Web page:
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[in-uh-suh ns] /ˈɪn ə səns/
the quality or state of being innocent; freedom from sin or moral wrong.
freedom from legal or specific wrong; guiltlessness:
The prisoner proved his innocence.
simplicity; absence of guile or cunning; naiveté.
lack of knowledge or understanding.
harmlessness; innocuousness.
an innocent person or thing.
bluet (def 1).
Origin of innocence
1300-50; Middle English < Latin innocentia. See innocent, -ence
Related forms
superinnocence, noun
Can be confused
innocence, innocents. Unabridged
Based on the Random House Dictionary, © Random House, Inc. 2015.
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Examples from the web for innocence
  • Readers share their tales of innocence lost as fans.
  • My dedication to the campus mirrored the panic and innocence of all too many newly hired faculty members.
  • He hopes that their innocence will be shown on appeal.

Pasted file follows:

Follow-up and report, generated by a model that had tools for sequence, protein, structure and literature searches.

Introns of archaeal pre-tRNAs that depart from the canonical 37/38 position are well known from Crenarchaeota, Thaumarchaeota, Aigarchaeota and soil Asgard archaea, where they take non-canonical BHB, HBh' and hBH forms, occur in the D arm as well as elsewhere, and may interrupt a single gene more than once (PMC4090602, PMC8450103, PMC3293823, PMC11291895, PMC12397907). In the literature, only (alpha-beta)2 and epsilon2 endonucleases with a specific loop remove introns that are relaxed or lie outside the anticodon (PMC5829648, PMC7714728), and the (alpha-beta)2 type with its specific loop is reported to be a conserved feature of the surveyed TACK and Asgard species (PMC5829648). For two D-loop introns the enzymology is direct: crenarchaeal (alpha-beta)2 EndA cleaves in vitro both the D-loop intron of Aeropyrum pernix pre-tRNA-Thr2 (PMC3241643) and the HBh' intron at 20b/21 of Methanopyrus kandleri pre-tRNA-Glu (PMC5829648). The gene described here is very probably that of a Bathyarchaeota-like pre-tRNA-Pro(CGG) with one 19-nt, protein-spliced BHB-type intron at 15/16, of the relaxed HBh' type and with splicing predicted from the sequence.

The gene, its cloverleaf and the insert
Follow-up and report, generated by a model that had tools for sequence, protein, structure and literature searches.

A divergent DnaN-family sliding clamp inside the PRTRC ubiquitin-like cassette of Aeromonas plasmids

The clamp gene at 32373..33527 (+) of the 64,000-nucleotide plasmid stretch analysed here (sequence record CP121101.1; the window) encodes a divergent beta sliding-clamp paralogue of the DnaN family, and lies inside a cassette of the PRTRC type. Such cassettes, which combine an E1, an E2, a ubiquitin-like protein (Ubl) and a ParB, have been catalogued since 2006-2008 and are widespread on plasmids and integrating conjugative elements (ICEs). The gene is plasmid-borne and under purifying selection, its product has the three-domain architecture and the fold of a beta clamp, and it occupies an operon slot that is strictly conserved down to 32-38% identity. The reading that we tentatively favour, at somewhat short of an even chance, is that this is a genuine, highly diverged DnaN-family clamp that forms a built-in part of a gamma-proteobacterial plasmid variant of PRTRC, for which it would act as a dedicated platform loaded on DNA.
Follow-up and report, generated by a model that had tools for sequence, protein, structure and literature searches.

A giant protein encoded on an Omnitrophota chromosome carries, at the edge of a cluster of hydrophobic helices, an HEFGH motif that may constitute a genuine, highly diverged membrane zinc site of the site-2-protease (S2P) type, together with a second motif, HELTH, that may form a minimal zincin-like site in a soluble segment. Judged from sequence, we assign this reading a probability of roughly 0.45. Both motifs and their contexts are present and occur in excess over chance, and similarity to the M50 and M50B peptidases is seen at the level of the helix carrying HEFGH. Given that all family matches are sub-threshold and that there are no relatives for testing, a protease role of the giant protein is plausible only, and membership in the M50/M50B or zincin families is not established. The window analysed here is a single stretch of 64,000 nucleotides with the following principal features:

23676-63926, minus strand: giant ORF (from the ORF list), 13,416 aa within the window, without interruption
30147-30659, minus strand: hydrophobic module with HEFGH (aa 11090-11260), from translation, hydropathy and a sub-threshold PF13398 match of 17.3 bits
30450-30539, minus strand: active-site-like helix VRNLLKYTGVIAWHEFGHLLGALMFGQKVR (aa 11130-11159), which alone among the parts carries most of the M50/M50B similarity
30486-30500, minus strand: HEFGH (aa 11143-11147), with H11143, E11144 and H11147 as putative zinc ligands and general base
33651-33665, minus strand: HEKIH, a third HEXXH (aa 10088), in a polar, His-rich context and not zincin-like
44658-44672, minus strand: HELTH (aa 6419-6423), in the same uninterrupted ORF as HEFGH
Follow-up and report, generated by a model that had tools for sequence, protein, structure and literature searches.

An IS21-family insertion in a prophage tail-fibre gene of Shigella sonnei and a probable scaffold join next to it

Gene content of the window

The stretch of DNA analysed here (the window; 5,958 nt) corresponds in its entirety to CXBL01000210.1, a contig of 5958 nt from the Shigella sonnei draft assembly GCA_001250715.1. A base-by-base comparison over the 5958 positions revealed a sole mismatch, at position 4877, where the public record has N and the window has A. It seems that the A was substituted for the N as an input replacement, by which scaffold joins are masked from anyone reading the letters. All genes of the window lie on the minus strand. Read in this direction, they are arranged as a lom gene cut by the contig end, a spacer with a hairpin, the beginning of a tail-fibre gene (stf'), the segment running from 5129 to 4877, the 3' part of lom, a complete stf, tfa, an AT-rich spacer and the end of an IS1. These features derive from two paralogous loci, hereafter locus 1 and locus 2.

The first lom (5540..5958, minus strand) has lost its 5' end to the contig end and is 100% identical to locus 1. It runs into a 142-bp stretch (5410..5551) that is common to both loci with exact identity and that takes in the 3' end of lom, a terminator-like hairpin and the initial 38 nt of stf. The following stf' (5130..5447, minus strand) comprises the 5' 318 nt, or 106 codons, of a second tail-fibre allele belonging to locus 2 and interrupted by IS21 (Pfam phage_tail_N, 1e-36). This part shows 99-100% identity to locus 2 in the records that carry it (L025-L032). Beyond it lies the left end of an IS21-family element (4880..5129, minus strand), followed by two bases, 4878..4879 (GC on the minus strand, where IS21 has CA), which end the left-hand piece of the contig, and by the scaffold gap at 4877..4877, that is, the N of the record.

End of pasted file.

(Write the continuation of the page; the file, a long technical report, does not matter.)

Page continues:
• The scriptures do not agree on the governor's ultimate degree of guilt or innocence.
  • Rose's youthful innocence shines through even in newspaper photographs, as does her unswerving devotion to her husband.
  • Given all the stuff they're throwing at you, it can't establish your innocence but it sure can deepen your woes.
  • So any innocence about our government was tempered by those revelations.
  • May stresses need to emphasize the positive, creative aspects of power and innocence.
  • The winged innocence of watercolor belies the reality of bloodied birds.
  • Behind their beliefs is the hopeless longing for innocence.
British Dictionary definitions for innocence


the quality or state of being innocent Archaic word innocency (ˈɪnəsənsɪ)
Word Origin
C14: from Latin innocentia harmlessness, from innocēns doing no harm, blameless, from in-1 + nocēns harming, from nocēre to hurt, harm; see noxious
Collins English Dictionary - Complete & Unabridged 2012 Digital Edition
© William Collins Sons & Co. Ltd. 1979, 1986 © HarperCollins
Publishers 1998, 2000, 2003, 2005, 2006, 2007, 2009, 2012
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Word Origin and History for innocence

mid-14c., "freedom from guilt," from Old French inocence "innocence, purity, chastity" (12c.), from Latin innocentia, from innocens "harmless, blameless" (see innocent). Meaning "lacking in guile or artifice" is from late 14c.

Online Etymology Dictionary, © 2010 Douglas Harper
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